And while I’m on the subject of ‘The Natures of War’, that essay describes how ‘nature’ – yes, I do know how complicated that word is – is much more than a ‘resource bank’ over which war is waged (resource wars, conflict commodities and the rest) but also a medium through which military violence is effected: the mud of the Western Front, the deserts of North Africa and the rainforests of Vietnam.
This month Polity publishes Razmig Keucheyan‘s Nature is a Battlefield: Towards a Political Ecology (originally published in French in 2014):
In the midst of the current ecological crisis, there is often lofty talk of the need for humanity to ‘overcome its divisions’ and work together to tackle the big challenges of our time. But as this new book by Razmig Keucheyan shows, the real picture is very different. Just take the case of the siting of toxic waste landfills in the United States: if you want to know where waste is most likely to be dumped, ask yourself where Blacks, Hispanics, Native Americans and other racial minorities live and where the poorest neighbourhoods are. This kind of ‘environmental racism’ is by no means restricted to the United States: it is very much a global phenomenon.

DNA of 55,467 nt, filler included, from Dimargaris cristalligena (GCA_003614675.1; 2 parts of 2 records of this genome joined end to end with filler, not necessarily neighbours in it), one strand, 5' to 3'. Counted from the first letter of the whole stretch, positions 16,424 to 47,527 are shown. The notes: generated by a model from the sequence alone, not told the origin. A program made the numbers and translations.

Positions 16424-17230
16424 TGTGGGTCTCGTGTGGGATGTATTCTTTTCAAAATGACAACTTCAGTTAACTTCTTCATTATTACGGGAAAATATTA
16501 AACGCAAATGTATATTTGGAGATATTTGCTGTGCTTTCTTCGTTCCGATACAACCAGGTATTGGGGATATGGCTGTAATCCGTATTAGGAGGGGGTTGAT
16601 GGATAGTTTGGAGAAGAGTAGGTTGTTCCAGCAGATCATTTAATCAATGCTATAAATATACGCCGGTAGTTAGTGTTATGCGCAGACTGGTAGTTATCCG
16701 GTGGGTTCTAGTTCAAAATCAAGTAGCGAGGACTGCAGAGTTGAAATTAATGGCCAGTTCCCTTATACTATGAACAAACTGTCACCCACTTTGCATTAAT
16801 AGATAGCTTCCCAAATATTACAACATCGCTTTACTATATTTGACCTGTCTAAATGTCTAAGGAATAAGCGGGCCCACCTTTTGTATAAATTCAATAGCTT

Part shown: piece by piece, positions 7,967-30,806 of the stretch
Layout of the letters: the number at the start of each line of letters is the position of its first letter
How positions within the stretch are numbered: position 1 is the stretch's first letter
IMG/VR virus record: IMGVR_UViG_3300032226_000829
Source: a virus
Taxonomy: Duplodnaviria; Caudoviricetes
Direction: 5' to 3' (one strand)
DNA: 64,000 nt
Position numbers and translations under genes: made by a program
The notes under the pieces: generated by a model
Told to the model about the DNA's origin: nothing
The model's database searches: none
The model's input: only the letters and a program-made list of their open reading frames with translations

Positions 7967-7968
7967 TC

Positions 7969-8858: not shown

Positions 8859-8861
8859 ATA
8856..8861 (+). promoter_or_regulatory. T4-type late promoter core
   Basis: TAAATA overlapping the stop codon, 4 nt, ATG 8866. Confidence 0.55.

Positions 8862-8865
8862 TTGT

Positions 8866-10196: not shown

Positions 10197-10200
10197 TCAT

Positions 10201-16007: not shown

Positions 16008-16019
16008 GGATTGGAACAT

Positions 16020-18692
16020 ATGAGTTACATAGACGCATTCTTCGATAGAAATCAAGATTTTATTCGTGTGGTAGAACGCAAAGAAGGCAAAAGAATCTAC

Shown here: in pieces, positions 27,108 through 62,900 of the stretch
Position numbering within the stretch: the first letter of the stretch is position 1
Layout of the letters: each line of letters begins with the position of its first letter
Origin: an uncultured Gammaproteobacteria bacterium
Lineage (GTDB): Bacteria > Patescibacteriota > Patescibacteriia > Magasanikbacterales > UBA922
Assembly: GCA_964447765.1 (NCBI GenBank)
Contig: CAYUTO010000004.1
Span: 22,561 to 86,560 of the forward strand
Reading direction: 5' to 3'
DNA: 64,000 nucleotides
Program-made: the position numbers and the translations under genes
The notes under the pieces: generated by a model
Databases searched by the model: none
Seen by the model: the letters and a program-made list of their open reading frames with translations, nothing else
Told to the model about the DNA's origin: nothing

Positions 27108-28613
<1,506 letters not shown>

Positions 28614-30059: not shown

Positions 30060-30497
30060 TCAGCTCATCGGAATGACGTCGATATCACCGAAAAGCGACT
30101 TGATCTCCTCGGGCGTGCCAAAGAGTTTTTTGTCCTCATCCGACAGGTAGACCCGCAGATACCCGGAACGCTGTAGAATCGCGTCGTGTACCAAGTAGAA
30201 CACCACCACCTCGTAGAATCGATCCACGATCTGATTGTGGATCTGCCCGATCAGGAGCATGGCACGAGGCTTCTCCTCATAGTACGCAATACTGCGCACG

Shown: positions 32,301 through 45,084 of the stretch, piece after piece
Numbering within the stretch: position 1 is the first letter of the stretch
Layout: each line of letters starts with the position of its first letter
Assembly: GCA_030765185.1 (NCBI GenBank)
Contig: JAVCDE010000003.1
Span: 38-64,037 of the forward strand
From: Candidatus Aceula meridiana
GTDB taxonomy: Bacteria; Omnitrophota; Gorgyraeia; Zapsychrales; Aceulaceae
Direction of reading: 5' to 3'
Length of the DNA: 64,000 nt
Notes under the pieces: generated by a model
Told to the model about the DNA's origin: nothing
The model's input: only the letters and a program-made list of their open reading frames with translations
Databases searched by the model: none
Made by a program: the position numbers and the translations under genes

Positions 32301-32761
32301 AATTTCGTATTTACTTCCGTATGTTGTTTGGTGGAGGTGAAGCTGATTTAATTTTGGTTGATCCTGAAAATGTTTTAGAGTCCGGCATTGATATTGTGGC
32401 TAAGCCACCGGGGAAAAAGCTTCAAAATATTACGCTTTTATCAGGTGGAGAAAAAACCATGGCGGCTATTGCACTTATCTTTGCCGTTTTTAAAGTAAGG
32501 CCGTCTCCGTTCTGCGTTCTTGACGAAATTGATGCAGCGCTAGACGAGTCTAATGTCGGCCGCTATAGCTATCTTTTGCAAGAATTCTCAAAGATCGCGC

Keucheyan show how the capitalist response to the crisis has been marked by a massive expansion in ‘environmental finance’. From ‘carbon markets’ to ‘pollution permits’, ‘climate derivatives’ and ‘catastrophe bonds’, we are seeing a proliferation of nature-related financial products. Instead of tackling the root of the problem, the neoliberal strategy seeks to profit from environmental risks.
Moreover, with the rise in natural disasters, resource scarcity, food crises, the destabilization of the poles and oceans and the prospect of tens of millions of ‘climate refugees’, Western powers are increasingly adopting a military response to ecological problems. The Cold War is over: welcome to the ‘green wars’. From New Orleans to the Siachen glacier via the Arctic floes, Keucheyan explores the landmark sites of this new ‘climate geostrategy’.
The first chapter addresses ‘Environmental racism’; the second ‘Financialising nature: insuring climatic risks’; it’s the final chapter that most interests me, ‘Green wars or the militarisation of ecology’:
A doctrine emerges
A benevolent dictatorship
Terrorism and climate change
The new military ecology
Conservation and counter-insurgency
From the Cold War to green wars
The end of conventional wars?
Nuclear deterrence and ecological crisis
War and biofuels
The oceans destabilised
The scramble for the Arctic
The North Pole and globalisation
Commodifying the thaw
The speed of the circulation of capital
Razmig is probably best known in the English-speaking world for his mapping of contemporary critical theory, Left Hemisphere (Verso, 2013).